Pixar's highland fling 'Brave' looks set to join a long list of glorious films
Pixar's highland fling 'Brave' looks set to join a long list of glorious films -- adored by children and adults alike
The release of the annual Pixar summer animation has become something of an event in recent years. While 2011's Cars 2 was considered a disappointment, the studio looks to be on safer ground with Brave.
A gritty fairytale set in 10th-Century Scotland, Brave follows the adventures of Merida, the daring and disobedient teenage daughter of a highland clan king.
When Merida's overbearing mother insists she enter an arranged marriage in order to keep the peace, the girl rebels with unforeseen consequences.
Kelly Macdonald, Billy Connolly, Emma Thompson and Julie Walters are among the voice cast, and the film has earned strong reviews in the US. It opens here on August 3.
Brave joins a production line of successful Pixar films that stretches back to Toy Story, in 1995. To date, the studio's films have earned a staggering $7bn (€5.7bn) worldwide, and they've managed to combine this box office success with ground-breaking effects and consistent originality.
The best Pixar films appeal just as much to adults as they do to children, and have made the studio a byword for quality. Owned by Disney, Pixar has changed the face of animation. Here are five of the studio's most glorious achievements:
Toy Story (1995)
When Disney and Pixar agreed to collaborate on Toy Story in the early 1990s, both companies were taking a punt. This would be the first time a feature film would be made entirely using computer-generated imagery, and Pixar was banking its entire future on a story containing not a single recognisable cartoon character.
John Lasseter and his writers came up with the charming idea of a bunch of toys who spring to life whenever their owner is not around, and the character of Woody was inspired by a Casper the Friendly Ghost toy Lasseter had had as a child.
They pitched the film as a buddy story between Woody the cowboy and his rival Buzz Lightyear, an egotistical astronaut who doesn't realise he's a toy at all.
When Pixar first presented a draft of the film to Disney in 1993, Woody was deemed too bitter and sarcastic, and a redraft made him more likeable, and Buzz funnier.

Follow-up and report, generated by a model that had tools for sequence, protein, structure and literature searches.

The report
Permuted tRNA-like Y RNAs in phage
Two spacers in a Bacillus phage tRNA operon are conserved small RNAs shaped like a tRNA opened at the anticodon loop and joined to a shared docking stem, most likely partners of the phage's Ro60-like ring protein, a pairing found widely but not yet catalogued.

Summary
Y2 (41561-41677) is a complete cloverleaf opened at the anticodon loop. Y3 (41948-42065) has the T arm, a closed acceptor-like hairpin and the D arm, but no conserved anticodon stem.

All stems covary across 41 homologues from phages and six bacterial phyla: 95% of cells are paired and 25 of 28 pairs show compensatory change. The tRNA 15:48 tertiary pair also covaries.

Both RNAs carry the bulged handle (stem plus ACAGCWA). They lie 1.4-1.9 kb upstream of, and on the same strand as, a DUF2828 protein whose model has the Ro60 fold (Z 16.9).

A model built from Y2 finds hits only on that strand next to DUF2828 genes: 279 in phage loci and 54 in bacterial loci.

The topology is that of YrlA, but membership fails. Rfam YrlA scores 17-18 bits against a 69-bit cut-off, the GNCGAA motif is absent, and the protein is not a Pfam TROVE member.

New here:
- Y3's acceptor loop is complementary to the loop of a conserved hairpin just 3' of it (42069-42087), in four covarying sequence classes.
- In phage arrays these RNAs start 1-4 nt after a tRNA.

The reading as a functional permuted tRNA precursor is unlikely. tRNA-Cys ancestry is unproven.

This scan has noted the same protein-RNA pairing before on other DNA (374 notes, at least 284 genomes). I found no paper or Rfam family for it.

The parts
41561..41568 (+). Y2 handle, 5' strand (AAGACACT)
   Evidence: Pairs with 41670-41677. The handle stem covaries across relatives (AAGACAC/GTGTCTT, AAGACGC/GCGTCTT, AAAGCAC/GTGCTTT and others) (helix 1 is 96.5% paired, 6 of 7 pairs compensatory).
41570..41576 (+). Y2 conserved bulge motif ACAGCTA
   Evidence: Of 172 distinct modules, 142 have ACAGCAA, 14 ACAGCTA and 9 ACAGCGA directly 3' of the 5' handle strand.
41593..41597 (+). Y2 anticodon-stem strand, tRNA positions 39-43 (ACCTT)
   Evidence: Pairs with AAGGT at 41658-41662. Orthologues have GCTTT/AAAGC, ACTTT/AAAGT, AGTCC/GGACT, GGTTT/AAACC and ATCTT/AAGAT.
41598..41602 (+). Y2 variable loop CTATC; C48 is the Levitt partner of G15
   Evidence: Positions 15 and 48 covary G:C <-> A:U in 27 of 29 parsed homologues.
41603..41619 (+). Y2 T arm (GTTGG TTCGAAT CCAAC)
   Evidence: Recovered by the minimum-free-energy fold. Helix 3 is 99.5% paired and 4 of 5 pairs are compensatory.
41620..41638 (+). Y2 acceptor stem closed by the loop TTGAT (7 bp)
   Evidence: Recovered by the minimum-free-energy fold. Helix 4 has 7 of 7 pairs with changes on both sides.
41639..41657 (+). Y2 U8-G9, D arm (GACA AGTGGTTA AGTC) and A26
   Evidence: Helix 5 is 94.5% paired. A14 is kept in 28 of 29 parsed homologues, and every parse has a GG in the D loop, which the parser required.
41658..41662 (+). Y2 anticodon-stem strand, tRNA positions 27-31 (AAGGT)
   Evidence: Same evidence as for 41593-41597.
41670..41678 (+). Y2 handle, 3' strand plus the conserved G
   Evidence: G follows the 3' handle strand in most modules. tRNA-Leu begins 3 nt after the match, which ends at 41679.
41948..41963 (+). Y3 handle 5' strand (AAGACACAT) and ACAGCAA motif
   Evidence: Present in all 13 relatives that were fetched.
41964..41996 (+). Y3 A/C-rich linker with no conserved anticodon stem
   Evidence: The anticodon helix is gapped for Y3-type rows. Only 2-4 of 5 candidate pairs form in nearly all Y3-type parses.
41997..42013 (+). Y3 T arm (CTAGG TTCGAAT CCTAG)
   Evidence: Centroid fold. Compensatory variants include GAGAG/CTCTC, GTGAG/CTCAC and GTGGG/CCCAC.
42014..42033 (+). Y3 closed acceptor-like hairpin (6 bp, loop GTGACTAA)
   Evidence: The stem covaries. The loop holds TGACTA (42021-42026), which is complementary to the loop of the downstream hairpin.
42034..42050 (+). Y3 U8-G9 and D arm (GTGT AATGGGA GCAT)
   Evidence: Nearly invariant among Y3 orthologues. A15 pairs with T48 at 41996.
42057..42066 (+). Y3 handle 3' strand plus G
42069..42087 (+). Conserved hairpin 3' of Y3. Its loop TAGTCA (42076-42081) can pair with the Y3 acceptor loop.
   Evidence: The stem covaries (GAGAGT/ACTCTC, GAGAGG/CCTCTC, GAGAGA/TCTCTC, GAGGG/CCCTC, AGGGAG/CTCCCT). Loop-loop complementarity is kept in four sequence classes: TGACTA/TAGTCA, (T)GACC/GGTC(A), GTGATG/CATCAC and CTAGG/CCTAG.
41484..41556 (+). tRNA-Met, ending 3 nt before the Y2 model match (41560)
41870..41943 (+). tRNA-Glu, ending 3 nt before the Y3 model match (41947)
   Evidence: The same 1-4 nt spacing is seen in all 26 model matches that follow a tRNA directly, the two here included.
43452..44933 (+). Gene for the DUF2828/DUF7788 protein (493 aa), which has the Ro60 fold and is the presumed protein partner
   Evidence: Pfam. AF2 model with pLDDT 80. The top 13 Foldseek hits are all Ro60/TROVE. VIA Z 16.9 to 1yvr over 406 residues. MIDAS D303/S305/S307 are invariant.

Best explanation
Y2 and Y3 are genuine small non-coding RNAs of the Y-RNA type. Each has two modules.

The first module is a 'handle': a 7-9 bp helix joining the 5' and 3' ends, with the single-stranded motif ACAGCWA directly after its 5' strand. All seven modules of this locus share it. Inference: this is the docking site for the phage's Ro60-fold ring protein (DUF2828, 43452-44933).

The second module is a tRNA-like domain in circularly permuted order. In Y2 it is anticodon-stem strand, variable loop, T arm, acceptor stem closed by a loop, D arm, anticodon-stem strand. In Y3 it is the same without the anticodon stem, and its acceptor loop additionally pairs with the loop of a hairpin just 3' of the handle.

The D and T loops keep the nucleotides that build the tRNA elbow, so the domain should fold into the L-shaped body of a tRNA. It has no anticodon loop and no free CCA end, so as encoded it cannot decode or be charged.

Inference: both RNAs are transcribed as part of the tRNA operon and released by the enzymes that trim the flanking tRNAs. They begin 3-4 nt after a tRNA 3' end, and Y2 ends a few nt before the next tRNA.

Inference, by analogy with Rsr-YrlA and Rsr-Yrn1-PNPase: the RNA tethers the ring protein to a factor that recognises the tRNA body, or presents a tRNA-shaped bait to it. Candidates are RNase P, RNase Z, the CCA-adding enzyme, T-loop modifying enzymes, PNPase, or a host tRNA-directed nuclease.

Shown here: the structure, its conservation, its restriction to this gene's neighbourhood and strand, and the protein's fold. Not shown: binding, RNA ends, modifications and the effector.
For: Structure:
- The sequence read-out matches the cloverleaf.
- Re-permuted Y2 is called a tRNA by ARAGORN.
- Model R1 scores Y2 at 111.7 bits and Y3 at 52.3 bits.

No one knew what to expect when the film was released in late 1995, but critics and the public adored Toy Story. It was hailed as an animation breakthrough, and overnight Pixar became a force in Hollywood.
What it cost: $30m
What it made: $360m
As Pixar's repertoire has increased, the studio's films have become more and more high concept. And in creative terms, WALL-E might just be their greatest achievement.
A kind of inverted Robinson Crusoe story, WALL-E is set in the year 2815, when the Earth is deserted apart from one small, box-shaped robot.
We then find out that in the early 2100s the planet got so polluted it could no longer sustain life.
Mankind departed aboard huge airliners, leaving behind a small army of WALL-Es (Waste Allocation Load Lifters Earth-class) to clean up the mess.
Our WALL-E is the last of them, and over the centuries he has developed a quirky personality, including a fondness for the musical Hello, Dolly!.
When a probe robot from one of the airliners arrives to check for signs of life he falls in love with it, and embarks on the adventure of his life.
Sublimely animated and packed with witty references to everything from 2001: A Space Odyssey to the 1960s sitcom Get Smart, the animated picture was very slick and clever but it also had a lot of heart, and WALL-E's plight moved audiences to tears.
What it cost: $180m
What it made: $521m
Part of the secret of Pixar's success is the sharp contrast between its various movies, and Up has little or nothing in common with its predecessor WALL-E -- apart from the level of excellence.
Up tells the story of a lonely old widower called Carl who's about to lose his house and get carted off to a retirement home when he uses tens of thousands of helium balloons to lift him and his beloved house clear of the wrecking ball.
He drifts down to South America, and an idyllic location called Paradise Falls, accompanied by a small boy, a large bird and a talking dog.
Inspired by the adventure serials of the 1940s, Pete Docter's film was also a surprisingly ambitious drama that ventured into some pretty dark areas. In a remarkable, wordless opening sequence, we find out how Carl fell in love with, married and eventually lost his childhood sweetheart to cancer.
Carl's grumpy character was based on Spencer Tracy and Walter Matthau, and perfectly voiced by Ed Asner. And Up counterbalanced its heavier themes with humour, most memorably via a pursuing pack of hilariously distractable talking dogs.
Up was nominated for the Best Picture Oscar in 2010.
What it cost: $175m
What it made: $731m